Retailers that align their services with customers’ emotions increase the volume of purchases and likelihood of recommendations says a new study.
While retailers plan their customer-centric strategies under no universally agreed guidelines, what are the five main emotional triggers that drive sales and loyalty?
Consumers that find retailers’ using the same set of emotional factors in their services found in strong human relationships including the relevance of experiences, ease of shopping, transparency in communications, understanding their needs and preferences and emotional rewards for their loyalty-are likely to spend and stay loyal, suggests a study by C Space.
The study polled 26,000 US consumers to understand their rational and emotional aspects that play a part in choosing a retailer. Some 1000 companies across 19 industries were analysed to understand how much retailers’ online and in-store experiences match with their customers rational and emotional aspects.
“Customers have the ultimate power: the power of choice,” says Charles Trevail, global chief executive officer of both C Space and Interbrand.
“A choice is a powerful force and one that isn’t entirely rational. Choices are made in the context of a customer’s experience—past, present and future. It stands to reason that customers choose companies that offer better experiences—who meet our emotional needs as well as our functional ones. Companies that connect with who we want to be, not who their data says we were.”
He continues: “Our research shows that mapping emotional cues to customer experience is the key to competitive advantage and growth. The companies that customers rate most highly are the ones that understand the relevance, what to stand for and when to listen. If a customer believes a company is ‘getting it right’ they are more likely to behave in ways that help drive growth through repeat purchase, recommendation and loyalty.”
The report suggests that retailers’ growth comes from understanding shoppers emotional needs, preferences and desires and implementing these factors into their customer-centric strategies. Retailers that are taken these traits into an account saw a direct correlation between business performance, driven by customer advocacy and repeat purchasing.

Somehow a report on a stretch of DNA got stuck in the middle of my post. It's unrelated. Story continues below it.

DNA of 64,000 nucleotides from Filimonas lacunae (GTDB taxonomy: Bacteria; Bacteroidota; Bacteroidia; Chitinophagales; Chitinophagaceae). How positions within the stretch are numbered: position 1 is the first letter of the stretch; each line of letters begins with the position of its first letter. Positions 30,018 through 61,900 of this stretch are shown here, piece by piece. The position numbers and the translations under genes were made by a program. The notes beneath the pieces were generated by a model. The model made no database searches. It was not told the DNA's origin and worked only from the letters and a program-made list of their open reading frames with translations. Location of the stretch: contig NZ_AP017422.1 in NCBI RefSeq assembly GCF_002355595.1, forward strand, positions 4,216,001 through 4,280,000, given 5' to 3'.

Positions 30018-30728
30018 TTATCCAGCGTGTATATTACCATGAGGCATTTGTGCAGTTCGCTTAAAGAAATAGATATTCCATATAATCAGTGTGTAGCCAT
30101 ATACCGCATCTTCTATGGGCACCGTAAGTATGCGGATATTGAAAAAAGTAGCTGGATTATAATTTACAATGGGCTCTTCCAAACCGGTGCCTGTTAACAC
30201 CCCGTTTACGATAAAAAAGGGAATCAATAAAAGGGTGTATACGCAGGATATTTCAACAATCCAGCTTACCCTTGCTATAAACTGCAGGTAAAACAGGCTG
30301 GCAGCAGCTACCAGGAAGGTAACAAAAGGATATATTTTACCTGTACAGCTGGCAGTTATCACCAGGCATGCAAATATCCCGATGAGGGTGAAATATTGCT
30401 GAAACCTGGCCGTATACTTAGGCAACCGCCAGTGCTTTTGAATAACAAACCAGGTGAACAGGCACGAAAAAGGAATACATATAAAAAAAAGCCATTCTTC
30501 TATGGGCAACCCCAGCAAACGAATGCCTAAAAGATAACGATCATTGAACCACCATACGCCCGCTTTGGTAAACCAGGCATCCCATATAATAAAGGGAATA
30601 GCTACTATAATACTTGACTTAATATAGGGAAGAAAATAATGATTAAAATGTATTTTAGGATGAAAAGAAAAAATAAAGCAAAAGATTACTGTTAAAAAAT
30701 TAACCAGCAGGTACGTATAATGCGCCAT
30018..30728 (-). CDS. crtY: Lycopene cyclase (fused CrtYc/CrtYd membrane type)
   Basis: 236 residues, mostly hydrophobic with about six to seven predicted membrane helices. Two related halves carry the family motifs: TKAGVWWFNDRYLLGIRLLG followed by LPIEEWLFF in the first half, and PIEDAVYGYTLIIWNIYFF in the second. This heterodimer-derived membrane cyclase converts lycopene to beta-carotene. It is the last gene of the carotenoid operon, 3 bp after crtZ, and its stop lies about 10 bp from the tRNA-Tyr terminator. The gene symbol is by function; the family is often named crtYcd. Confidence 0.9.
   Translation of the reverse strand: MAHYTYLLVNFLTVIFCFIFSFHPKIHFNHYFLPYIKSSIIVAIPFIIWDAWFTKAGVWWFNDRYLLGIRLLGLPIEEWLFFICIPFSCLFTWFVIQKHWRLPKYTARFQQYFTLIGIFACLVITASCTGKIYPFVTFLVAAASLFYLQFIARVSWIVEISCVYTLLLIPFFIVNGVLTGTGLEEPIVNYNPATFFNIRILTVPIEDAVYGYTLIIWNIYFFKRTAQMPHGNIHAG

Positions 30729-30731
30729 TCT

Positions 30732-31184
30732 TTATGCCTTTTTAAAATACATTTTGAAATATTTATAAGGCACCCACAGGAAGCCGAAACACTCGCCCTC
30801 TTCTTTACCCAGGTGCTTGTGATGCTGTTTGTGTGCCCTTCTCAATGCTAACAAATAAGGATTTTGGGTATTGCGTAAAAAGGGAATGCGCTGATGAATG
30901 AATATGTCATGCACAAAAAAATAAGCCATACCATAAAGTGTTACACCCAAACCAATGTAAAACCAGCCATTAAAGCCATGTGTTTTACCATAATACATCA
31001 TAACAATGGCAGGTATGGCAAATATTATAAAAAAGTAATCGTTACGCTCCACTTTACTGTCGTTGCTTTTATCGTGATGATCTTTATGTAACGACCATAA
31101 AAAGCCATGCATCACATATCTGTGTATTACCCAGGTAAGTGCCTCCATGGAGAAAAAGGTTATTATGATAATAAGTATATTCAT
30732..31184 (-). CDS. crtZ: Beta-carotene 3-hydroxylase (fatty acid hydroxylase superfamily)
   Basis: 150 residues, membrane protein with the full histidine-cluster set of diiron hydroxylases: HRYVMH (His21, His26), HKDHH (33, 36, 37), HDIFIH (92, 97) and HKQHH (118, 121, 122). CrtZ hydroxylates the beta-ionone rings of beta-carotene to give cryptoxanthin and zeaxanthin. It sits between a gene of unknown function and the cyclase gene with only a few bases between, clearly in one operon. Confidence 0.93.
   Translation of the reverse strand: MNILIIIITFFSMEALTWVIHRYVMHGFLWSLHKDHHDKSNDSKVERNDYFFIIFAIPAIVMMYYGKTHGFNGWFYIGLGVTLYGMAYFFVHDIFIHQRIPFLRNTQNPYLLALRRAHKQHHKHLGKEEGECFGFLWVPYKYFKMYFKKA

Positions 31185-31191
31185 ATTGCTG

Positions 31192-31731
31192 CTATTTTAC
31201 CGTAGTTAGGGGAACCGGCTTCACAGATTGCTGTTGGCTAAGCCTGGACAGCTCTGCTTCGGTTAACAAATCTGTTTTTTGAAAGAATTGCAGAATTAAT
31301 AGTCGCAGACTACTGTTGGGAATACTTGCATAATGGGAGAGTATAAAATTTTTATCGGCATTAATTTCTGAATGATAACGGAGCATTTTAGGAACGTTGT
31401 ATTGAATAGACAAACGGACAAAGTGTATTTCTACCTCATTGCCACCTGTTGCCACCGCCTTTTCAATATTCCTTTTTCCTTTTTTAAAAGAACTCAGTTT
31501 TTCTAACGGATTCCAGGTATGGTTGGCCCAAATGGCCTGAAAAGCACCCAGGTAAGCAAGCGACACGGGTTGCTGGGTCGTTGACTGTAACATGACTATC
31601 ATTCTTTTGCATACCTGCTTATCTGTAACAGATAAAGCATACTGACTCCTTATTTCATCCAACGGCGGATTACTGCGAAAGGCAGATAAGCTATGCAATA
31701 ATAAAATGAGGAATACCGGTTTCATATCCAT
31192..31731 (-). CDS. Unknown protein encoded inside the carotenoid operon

“What sometimes retailers get wrong is understanding humans, their emotions, hopes, and fears,” said Dr Nick Coates, creative consultancy Director, in conversation with InternetRetailing.
Bridging the convenience and ideas gap for Christmas peak
Dr Nick Coates adds: “Let’s think about when people buy a gift at Christmas, they think-will it be on time? There is this thing called ‘men shopping’ that is very last minute. If you’re a man and shop last minute, you want to know that your purchase will arrive quickly so you can pick it up somewhere convenient. That’s an important message to communicate.”
“Consumers struggle with ideas around Christmas. ASOS is doing a great job offering free worldwide shipping and returns. It’s about bringing shops to the customer and communicating that [seamlessness of shopping] is possible to overcome the stress people experience at Christmas. It is also about giving consumers ideas. Customers often meet a ‘tyranny of choice’ as there is so much to choose from, so how do you as a retailer make it easy for shoppers to find items that make them look cool, that’s a reasonable price?
“Retailers should use a set of services and promises [such as] ‘we guarantee the delivery by’ is what shoppers want to hear.
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